In some cases, such as the determination of the tetrahedricity of AB4, the measure of symmetry and the measure of shape, coincide. For relevant literature see Pinsky & Avnir (1998).

Example: The degree of icosahedricity of distorted C60-fullerene anions.
The tool of CShM is capable in principle of dealing with any number of vertexes, even the icosahedral C60 fullerene (Fig.9). It undergoes symmetry distortion upon substitution, ionization, and intracage entrapment.

Figure 9: Icosahedral polyhedrons

The example we have chosen is the study of Green et al. (1996) on the electronic structures of a series of C60 anions. Green et al. found that the perfect icosahedricity of the fullerene is distorted upon extra charging of this molecule and that the degree of this JT-induced distortion changes with amount of charge. An excellent correlation between the degree of icosahedricity S(Ih) and charge was obtained (Fig.10) (Pinsky & Avnir, 1998).

Figure 10: C60-fullerene anions undergo Jahn-Teller distortion of the original prefect icosahedral structure of the neutral molecule. Shown is the correlation between the degree of icosahedricity of C60-fullerene anions and their charge. (For the distorted dianion: upper point, singlet; lower, triplet.) Reprinted with permission from Pinsky, M.; Avnir, D. Copyright (1998), "Continuous Symmetry Measures. 5.The Classical Polyhedra", Inorganic Chemistry, 37 (21), 5575-5582.

(4) The Continous Chirality Measure (CCM)
In evaluating the degree of chirality we ask, how far is a given structure from achirality? In terms of Eq.(1) we therefore evaluate the distance to the nearest object which has an improper symmetry: reflection plane, inversion, or any Sn. Thus, the chirality measure is the searching of the minimal S(Sn). In many cases, the degree of chirality is the distance to the nearest object which has at least one mirror plane; in others it is the distance to objects of higher order of achirality, e.g., S4. For relevant literature see Salomon & Avnir (1999).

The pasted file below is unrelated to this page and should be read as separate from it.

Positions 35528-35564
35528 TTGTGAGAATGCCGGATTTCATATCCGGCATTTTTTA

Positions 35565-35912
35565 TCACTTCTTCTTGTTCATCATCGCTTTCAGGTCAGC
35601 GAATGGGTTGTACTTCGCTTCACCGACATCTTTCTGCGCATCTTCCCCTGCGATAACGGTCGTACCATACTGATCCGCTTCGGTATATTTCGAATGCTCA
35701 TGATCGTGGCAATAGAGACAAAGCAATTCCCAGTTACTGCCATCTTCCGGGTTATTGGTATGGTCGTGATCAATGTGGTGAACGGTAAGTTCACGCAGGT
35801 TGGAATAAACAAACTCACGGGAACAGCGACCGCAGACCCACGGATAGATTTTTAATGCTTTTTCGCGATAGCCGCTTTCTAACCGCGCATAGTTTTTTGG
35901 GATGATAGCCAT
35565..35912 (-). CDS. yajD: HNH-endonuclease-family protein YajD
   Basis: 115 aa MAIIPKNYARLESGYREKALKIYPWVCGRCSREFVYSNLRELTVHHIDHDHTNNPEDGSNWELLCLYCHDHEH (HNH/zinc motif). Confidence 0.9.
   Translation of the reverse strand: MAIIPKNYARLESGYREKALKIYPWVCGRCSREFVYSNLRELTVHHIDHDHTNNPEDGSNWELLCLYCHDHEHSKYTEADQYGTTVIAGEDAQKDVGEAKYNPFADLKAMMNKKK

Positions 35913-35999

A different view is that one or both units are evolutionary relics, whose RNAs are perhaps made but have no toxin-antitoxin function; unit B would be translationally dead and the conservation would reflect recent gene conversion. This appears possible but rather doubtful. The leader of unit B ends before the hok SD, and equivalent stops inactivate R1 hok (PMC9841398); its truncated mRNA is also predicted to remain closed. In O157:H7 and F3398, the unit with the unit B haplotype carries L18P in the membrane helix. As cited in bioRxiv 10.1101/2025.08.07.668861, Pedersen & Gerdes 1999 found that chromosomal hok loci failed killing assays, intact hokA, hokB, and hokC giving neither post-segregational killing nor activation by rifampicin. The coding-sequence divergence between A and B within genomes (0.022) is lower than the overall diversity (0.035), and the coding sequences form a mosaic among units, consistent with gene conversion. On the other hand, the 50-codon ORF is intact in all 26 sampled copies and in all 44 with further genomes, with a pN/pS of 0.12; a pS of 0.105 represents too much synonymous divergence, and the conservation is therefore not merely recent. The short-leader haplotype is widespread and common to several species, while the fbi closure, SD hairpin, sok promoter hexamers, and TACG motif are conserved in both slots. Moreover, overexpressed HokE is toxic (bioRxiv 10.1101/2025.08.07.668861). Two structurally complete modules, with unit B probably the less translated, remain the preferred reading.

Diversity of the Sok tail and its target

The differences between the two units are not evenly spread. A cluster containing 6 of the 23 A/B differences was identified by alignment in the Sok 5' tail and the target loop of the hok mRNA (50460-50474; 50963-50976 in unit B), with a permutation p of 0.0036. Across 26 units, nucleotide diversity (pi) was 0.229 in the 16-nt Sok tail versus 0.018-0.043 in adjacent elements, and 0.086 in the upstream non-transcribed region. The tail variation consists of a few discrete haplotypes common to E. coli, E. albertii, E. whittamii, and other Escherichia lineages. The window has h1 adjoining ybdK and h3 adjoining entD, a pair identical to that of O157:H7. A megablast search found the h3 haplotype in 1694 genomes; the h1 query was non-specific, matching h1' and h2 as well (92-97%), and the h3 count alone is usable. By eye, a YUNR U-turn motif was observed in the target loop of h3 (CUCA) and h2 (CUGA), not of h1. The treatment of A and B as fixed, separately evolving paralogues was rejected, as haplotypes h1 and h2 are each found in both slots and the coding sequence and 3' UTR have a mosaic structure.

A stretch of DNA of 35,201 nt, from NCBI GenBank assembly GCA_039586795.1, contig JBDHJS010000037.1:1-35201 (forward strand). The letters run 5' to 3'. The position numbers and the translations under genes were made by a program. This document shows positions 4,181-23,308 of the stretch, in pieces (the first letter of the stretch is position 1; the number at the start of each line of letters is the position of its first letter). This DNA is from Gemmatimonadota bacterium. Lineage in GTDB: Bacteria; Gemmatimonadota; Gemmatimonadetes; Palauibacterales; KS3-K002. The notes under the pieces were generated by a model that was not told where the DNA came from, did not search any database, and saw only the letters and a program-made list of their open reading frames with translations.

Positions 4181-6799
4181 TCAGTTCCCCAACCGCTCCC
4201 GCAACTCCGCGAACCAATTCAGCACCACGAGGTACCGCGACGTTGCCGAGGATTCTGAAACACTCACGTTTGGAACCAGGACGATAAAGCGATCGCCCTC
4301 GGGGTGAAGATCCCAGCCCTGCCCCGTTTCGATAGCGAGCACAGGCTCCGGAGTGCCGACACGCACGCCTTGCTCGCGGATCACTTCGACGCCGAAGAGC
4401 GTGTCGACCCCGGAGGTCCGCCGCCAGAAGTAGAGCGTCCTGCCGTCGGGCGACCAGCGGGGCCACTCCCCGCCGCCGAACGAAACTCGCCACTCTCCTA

Example: Catalysis and enantioselectivity
The degree of chirality of a catalyst determines its degree of enantioselectivity. Intuitively, the enantiomeric excess (ee) of a chiral product, obtained with a chiral catalyst, will be dictated by the degree of chirality of that catalyst. The following is an example that this works (Lipkowitz & Schefzick, 2001). The chiral spirocyclic bisoxazoline copper complexes (Fig.11a, n=1-4), have been reported to catalyze a Diels-Alder reaction between acrylimide and cyclopentadiene (Fig.11b), resulting in a chiral addition product. It was found that the ee of the product changes with the degree of chirality of the catalyst, as shown in Fig.11c.

Figure 11: a. The catalysts - spirocyclic bisoxazoline copper complexes. b. A Diels-Alder reaction between acrylimide with cyclopentadiene. c. Plot of the computed chirality content (CCM) for catalysts 1-4 versus experimental enantiomeric excess of a cycloaddition. The structures used for the CCM calculation correspond to the lowest energy conformation of the spirocycle. Reprinted with permission from Lipkowitz K. B.; Schefzick S. Copyright (2001), "Enhancement of Enantiomeric Excess by Ligand Distortion", Journal of the American Chemical Society,
123, 6710-6711.